California bars state-funded travel to 5 more states over LGBT laws; 17 now banned

AG says state is 'aligning our dollars with our values'

California and United States flags
California and United States flags | Unsplash/Drei Kubik

California added Florida, Arkansas, Montana, North Dakota and West Virginia to its list of states banned from state-funded, state-sponsored travel due to a wave recently passed legislation that California Democrats deems “discriminatory” toward LGBT individuals.

As a result of the change, California state travel will be restricted to 17 states due to a difference in policies related to LGBT discrimination.

The California Attorney General's Office alleges the five newly added states to the state-funded travel ban are a “part of a recent, dangerous wave of discriminatory new bills signed into law” that “directly work to ban transgender youth from playing sports, block access to life-saving care or otherwise limit the rights of members of the LGBTQ+ community.”

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“When states discriminate against LGBTQ+ Americans, California law requires our office to take action,” Attorney General Rob Bonta said in a statement. “These new additions to the state-funded travel restrictions list are about exactly that.”

The other 12 states already prohibited from California state-sponsored travel are Texas, Alabama, Idaho, Iowa, Oklahoma, South Carolina, South Dakota, Kentucky, North Carolina, Kansas, Mississippi and Tennessee.

“It’s been 52 years to the day since the Stonewall Riots began, but that same fight remains all too alive and well in this country,” Bonta continued. “Rather than focusing on solving real issues, some politicians think it’s in their best interest to demonize trans youth and block life-saving care.”

“Make no mistake: We’re in the midst of an unprecedented wave of bigotry and discrimination in this country — and the State of California is not going to support it,” Bonta continued.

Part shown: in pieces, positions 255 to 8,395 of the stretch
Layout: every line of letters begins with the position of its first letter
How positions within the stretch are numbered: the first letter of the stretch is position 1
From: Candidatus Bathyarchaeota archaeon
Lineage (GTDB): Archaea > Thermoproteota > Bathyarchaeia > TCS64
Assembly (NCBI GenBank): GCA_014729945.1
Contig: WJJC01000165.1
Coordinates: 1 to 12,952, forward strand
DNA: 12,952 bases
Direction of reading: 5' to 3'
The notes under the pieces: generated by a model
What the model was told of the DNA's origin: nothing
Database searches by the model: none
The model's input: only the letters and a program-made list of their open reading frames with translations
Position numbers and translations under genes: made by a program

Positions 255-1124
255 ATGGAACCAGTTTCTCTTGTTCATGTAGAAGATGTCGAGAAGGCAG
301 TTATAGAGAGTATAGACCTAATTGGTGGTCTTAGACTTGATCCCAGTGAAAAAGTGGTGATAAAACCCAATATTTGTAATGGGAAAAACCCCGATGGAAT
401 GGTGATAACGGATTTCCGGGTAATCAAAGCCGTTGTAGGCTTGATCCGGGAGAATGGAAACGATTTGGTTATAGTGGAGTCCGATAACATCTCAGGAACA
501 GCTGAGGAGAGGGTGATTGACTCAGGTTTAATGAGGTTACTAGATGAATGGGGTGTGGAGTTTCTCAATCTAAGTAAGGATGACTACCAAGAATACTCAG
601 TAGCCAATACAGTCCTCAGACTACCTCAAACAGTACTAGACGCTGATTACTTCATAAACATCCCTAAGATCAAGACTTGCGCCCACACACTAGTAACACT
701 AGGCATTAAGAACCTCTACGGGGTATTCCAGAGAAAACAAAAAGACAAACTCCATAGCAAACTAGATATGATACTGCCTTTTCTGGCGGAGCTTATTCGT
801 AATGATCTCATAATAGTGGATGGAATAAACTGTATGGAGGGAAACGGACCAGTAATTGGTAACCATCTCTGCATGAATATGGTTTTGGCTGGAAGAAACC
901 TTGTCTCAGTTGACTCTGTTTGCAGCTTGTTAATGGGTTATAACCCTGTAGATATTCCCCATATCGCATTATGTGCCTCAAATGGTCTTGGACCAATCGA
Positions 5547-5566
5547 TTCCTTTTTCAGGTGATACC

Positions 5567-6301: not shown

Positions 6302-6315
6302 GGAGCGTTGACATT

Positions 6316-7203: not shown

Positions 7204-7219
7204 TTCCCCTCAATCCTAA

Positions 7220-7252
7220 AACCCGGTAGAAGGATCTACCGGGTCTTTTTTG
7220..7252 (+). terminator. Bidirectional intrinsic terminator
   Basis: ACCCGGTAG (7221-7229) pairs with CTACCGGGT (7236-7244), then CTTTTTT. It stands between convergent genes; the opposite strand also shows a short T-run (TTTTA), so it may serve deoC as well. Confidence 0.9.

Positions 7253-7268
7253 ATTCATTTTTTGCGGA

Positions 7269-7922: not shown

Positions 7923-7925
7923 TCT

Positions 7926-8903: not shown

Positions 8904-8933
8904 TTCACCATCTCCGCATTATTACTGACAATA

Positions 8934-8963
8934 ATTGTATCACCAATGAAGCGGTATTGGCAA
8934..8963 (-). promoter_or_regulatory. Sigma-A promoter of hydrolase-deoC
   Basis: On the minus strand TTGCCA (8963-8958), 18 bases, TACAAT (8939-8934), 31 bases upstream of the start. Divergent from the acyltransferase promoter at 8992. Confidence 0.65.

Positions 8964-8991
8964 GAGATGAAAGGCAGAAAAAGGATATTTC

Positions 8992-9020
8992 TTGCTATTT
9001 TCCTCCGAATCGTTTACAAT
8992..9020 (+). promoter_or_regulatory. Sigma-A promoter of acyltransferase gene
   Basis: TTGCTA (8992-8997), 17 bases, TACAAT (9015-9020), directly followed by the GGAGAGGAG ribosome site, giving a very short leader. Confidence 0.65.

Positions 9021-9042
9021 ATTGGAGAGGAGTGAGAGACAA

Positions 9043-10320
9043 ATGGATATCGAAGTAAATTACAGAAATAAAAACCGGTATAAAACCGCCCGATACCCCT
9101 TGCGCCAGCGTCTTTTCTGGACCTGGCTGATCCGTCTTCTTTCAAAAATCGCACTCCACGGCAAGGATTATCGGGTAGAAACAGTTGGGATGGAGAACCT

Through Assembly Bill 1887, passed in 2016, the California legislature determined the state of California must “take action to avoid supporting or financing discrimination against lesbian, gay, bisexual, and transgender people.”

This legislation prohibits a state agency, department, board, or commission from requiring any state employees, officers, or members to travel to a state that had enacted a discriminatory LGBT law after June 26, 2015. 

Bonta said A.B. 1887  is “about aligning our dollars with our values.”

It also requires the attorney general to maintain an updated list of the travel ban on the website, which applies to state agencies, departments, boards, authorities, commissions and California state universities. 

There are exceptions to the rule that only apply in some instances and if travel to said states is “required.”

The five newly added states were added over objections to various bills, but most joined the list due to passing bills that restrict trans-identified biological males from competing in women’s sports competitions. 

"It's unfortunate that some politicians would rather demonize trans youth than focus on solving real issues like tackling gun violence, beating back this pandemic and rebuilding our economy," Bonta said at a news conference Monday, CNN reported. 

State-funded travel to Florida, for example, was banned because Republican Gov. Ron DeSantis signed legislation known as the Fairness in Women’s Sports Act on the first day of Pride Month that prevents biological males who identify as females from competing in women’s sports. 

“Women have fought for decades to have equal opportunities in athletics, and we have to prevent those opportunities from being eroded as is happening in other states. It’s common sense,” DeSantis said in a statement on the prohibition of trans-identified males women's and girls' athletics competitions. 

Travel to Arkansas was similarly banned due to recently passed legislation prohibiting biological males who identify as females from competing in women’s sports. 

Bonta also objected to Arkansas' passing of legislation that allows healthcare providers to deny sex-change surgeries and cross-sex hormones due to their religious and conscience objections. Arkansas also passed the first law that prohibits physicians from providing gender-affirming healthcare to transgender minors. 

West Virginia and Montana were banned because they prohibit trans-identified biological males competing in women’s sports, as well as other LGBT-specific legislation that California deems “discrimination.”

Montana also passed a law that "overrides existing state and local laws and policies that prohibit discrimination against LGBTQ+ Americans," a statement from Bonta's office explains. 

Emily Wood is a reporter for The Christian Post. She can be reached at:

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